Hip Arthroscopy (Hip Scope)
This outpatient procedure is an examination of the inside of the hip joint. The surgeon uses miniature instruments and a small camera (called an arthroscope) to see inside the joint. Arthroscopy can be used to diagnose and treat problems of the hip joint.
What You Need to Know About Hip Arthroscopy
What is Arthroscopic Hip Surgery?
Arthroscopy — sometimes called a "hip scope" — is a minimally invasive surgical procedure used to investigate painful issues with the hip joint and its related structures.
During hip arthroscopy, a surgeon uses a camera to examine and diagnose a damaged hip. When used in conjunction with specialized surgical tools, a hip arthroscopy is usually part of a larger treatment.
Why is a Hip Arthroscopy Performed?
Your hip is prone to many types of injury. Most issues with the hip appear with pain in the hip or groin, limping, lack of flexibility, compromised motion range, or feeling stiffness in the bone.
Some conditions, like labral tears, are the result of tearing in the ring of cartilage that surrounds the hip socket's rim. These types of injuries are due to trauma, overuse, or other reasons. Hip arthroscopy treats the condition by trimming and repairing damaged tissue. Arthroscopes can even be used to place tissue graft.
When the hip socket becomes dislocated due to structural issues, conditions like hip dysplasia can arise. By using an arthroscope, your physician can help decrease stress from abnormal joint wear. While arthroscopy can't make the joint more accommodating, it can help create more thorough joint motion. Depending on the extent of your condition, you may need more proactive reconstructive surgery to address this condition.
And other conditions, like femoroacetabular impingement, occur when bone spurs cause friction between the bone and the hip socket. This condition can also affect the cartilage and lead to labral tears. For these types of conditions, hip arthroscopy allows the surgeon to trim excess bone and alleviate pain.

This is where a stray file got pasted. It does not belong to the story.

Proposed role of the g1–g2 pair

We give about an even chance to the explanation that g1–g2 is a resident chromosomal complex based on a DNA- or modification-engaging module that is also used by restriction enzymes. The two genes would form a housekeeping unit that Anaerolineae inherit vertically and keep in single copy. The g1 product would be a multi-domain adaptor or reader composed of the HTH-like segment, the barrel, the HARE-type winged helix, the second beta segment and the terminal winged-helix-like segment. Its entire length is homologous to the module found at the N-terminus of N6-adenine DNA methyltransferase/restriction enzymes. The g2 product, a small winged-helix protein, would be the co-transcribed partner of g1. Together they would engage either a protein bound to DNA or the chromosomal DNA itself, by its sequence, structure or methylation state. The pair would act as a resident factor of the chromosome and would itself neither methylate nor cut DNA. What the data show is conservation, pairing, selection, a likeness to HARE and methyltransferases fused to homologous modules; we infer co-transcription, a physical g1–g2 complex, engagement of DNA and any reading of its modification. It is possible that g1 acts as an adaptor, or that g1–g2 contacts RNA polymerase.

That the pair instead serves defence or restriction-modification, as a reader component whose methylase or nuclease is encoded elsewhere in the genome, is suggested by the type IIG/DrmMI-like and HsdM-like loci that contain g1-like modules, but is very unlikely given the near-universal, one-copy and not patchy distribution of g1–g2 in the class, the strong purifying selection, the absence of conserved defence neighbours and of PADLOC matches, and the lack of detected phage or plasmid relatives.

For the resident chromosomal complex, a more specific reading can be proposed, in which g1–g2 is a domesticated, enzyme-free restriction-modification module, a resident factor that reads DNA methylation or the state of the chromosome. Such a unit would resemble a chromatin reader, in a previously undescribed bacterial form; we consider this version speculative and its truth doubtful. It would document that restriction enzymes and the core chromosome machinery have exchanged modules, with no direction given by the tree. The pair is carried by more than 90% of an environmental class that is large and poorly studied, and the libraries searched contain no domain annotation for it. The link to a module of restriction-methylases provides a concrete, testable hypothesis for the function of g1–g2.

Also, while hip arthroscopy can't eliminate degenerative conditions like osteoarthritis, it can help reduce the risk of developing it.
How to Prepare for a Hip Arthroscopy Procedure
After a physician has recommended you for arthroscopy, you will need to make arrangements for a post-surgery caregiver. This person will help you at home and handle your recovery. Be prepared to use crutches and invest in sleeping boots, leg lifters, elevated toilet seats, and other associated equipment.
Make sure you tell your physician about any prescriptions or daily medications you are taking. Telling your physician about your medicines will help them create your pre-surgery plan. Be mindful of any blood thinners as these can create negative effects during your surgery.
Hip arthroscopy is typically part of a larger procedure. Expect for your mobility to be compromised after your surgery. Purchase slippers and loose-fitting pants to provide a comfortable healing process.
What Happens During Arthroscopic Hip Surgery?
Minimally invasive surgery options have changed how surgeons treat conditions. While previous years involved large incisions and longer healing times, minimally invasive surgery uses small incisions to address concerns.
Every procedure is different. However, if your physician is using hip arthroscopy. Typically, your procedure will follow this workflow:
You are anesthetized into a temporary and painless narcosis.
Your physician makes an incision about the size of a buttonhole in your skin.
An arthroscope is inserted into this small puncture. Your physician will use this to view the affected hip areas.
Before beginning your procedure, the surgeon will evaluate your joint.
Once they have identified your condition, they will insert small instruments through new incisions. These instruments can smooth out cartilage, clip bone spurs, or remove damaged tissue.
Finally the tools are removed and the incisions are closed.
Are There Risks Associated with Arthroscopic Hip Surgery?
No matter what type of procedure, there is always a potential for risk. Some common complication includes:
Injury to the joint or surrounding nerves and blood vessels of the groin, hip, and thigh
Temporary or permanent thigh numbness
Risks of infection and deep vein thrombosis
Results that do not alleviate the issue
That said, complications from hip arthroscopy are uncommon. Your physician will be able to provide a more detailed account of risks associated with your condition.
Post Arthroscopic Hip Surgery and Recovery
After your surgery, you will regain consciousness in our recovery room. Many hip arthroscopies are outpatient surgeries, but some people may need a brief overnight hospital stay. Once you have left the facility, you will need someone to help you with household tasks. Expect to need to use crutches for at least four weeks following your surgery.
You will need physical therapy to improve your recovery. In addition to a healthy physical therapy regimen, your doctor may prescribe medication to help you deal with the pain. Be careful with these medications as they are habit-forming.
As you recover, plan follow-up appointments. These appointments help your physician gauge the strength of your recovery and recommend effective options. With proper supervision and disciplined physical therapy, you can expect to be back to your regular routine within 12 weeks.
Discover how a hip arthroscopy can help you address a variety of issues. Schedule your appointment at one of our 24 Metro Atlanta Area locations today.